The definition of cyber-bullying is “when the Internet, cell phones or other devices are used to send or post text or images intended to hurt or embarrass another person.” StopCyberbullying.org, an expert organisation dedicated to Internet safety, security and privacy, defines cyber-bullying as: “a situation when a child, tween or teen is repeatedly ‘tormented, threatened, harassed, humiliated, embarrassed or otherwise targeted’ by another child or teenager using text messaging, email, instant messaging or any other type of digital technology.” Other researchers use similar language to describe the phenomenon.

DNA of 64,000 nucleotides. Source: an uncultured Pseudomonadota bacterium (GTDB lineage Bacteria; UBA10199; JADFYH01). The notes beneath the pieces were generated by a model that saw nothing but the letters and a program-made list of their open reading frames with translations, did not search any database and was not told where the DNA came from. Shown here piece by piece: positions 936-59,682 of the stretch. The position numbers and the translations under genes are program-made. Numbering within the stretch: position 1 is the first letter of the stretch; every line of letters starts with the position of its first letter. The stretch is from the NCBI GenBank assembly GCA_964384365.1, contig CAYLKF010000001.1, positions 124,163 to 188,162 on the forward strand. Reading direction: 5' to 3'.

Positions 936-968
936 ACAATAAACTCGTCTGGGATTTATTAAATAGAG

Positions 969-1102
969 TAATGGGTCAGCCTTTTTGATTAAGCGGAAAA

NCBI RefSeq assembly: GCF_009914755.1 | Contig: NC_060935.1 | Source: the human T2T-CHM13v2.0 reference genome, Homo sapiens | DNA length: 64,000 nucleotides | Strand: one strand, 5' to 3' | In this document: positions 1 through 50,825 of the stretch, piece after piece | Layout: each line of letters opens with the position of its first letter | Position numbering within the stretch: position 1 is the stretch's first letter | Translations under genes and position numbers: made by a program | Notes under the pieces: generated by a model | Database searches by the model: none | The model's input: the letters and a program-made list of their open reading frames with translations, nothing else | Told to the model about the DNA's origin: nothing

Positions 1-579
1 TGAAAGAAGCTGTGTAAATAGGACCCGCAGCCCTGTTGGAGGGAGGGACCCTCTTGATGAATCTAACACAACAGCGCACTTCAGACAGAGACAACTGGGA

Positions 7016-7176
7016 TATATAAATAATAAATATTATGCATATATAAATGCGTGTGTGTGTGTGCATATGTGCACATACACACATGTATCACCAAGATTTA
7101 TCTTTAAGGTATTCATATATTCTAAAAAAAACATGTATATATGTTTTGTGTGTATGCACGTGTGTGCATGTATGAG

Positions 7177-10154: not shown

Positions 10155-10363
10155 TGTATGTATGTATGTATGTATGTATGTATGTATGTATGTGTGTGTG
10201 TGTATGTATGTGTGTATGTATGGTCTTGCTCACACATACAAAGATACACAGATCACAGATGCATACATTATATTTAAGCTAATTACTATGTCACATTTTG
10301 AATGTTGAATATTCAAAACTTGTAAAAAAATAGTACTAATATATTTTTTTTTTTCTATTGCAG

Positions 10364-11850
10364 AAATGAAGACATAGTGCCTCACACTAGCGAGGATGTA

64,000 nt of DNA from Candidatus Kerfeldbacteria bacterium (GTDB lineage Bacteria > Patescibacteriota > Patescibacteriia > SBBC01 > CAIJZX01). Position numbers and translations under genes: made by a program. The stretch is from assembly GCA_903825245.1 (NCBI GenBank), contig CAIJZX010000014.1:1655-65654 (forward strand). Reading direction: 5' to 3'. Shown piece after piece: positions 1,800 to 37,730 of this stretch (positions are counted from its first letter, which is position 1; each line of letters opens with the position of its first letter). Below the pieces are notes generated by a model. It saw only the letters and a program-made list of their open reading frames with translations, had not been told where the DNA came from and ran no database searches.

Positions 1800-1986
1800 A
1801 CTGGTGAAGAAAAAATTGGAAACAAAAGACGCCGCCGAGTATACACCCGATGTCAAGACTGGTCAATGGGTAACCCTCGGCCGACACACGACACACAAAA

Cyber-bullying can be as simple as continuing to send e-mail to someone who has said they want no further contact with the sender, but it may also include threats, sexual remarks, pejorative labels (i.e., hate speech), ganging up on victims by making them the subject of ridicule in forums, and posting false statements as fact aimed at humiliation.
Cyber-bullies may disclose victims’ personal data (e.g. real name, address, or workplace/schools) at websites or forums or may pose as the identity of a victim for the purpose of publishing material in their name that defames or ridicules them. Some cyber-bullies may also send threatening and harassing emails and instant messages to the victims, while other post rumors or gossip and instigate others to dislike and gang up on the target.